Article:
Human, Dog Genomes Similar, Study Finds

Stefan Lovgren
for National Geographic News
September 25, 2003

Scientists have completed a rough sketch of the canine genome. The results may explain why dogs are humans' best friend: Their genes are similar.

The successful sequencing of the dog genome sheds light on the structure and function of the human genome, and could help researchers better understand diseases that affect both humans and dogs.

"Dogs suffer from more than 350 genetic disorders, many of which resemble human conditions," said Ewen Kirkness, a molecular biologist at the Institute for Genomic Research in Rockville, Maryland, who led the research. "The genes responsible for these are probably constant to humans and dogs."

Kirkness and his team covered the genome of a standard poodle one and a half times. That means the amount of DNA sequence they generated is one and a half times the length of the genome. In contrast, a high-level method recently used to sequence the human and mice genomes covered those genomes eight times.

While the shallow sequencing method does not give as complete a picture of the genome as the high-level sequencing method, it is far less expensive. Kirkness believes his technique will allow scientists to sequence genomes of species they could otherwise not afford to study.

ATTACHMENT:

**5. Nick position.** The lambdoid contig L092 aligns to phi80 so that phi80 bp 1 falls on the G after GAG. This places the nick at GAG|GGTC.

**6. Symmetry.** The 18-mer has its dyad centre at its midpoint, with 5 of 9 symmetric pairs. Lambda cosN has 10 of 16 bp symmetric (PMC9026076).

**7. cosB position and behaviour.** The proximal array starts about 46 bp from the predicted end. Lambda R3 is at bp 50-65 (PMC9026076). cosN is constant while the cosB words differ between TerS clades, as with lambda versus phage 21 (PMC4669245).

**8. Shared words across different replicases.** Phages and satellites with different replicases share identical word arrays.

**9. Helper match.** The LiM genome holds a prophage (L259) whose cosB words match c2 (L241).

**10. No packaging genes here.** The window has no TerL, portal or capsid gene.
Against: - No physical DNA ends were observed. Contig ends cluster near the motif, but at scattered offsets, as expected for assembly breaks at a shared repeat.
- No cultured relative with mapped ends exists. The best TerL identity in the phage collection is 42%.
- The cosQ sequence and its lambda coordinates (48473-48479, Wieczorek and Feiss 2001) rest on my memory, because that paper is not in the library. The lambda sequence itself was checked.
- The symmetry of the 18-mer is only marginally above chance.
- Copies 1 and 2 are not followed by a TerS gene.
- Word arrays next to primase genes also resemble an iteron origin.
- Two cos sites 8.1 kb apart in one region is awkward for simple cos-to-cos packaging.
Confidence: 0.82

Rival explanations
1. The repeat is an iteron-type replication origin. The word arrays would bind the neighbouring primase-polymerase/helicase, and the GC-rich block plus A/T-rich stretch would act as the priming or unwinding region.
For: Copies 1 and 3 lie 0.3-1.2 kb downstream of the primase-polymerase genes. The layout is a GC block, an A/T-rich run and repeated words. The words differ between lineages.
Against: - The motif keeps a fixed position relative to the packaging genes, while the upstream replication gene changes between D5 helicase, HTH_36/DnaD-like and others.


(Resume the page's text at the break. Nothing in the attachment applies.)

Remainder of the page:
"We can learn a lot more about mammalian evolution on a molecular level by applying this technique to a wider diversity of species," said Kirkness. "Species like whales and elephants can tell us a lot. But from a purely financial standpoint, they will [not] be candidates for complete sequencing [anytime soon]."

The research, which was started in 2001, is described in tomorrow's issue of the journal Science.

Dogs and Humans

The rough sequencing of the dog genome is the latest advance in the field of comparative genomics. To date, researchers have sequenced the human, mouse, rat, worm, fly, and fungi genomes.

The sequencing indicates that dog and human genomes are more similar to each other than either is to the mouse, though it appears the dog lineage diverged first from the common ancestor.

Dogs are important to researchers because they can be used as biomedical models for understanding human diseases. The top ten diseases among purebred dogs include several that afflict humans, including cancer, epilepsy, heart disease, allergy, retinal disease and cataracts.

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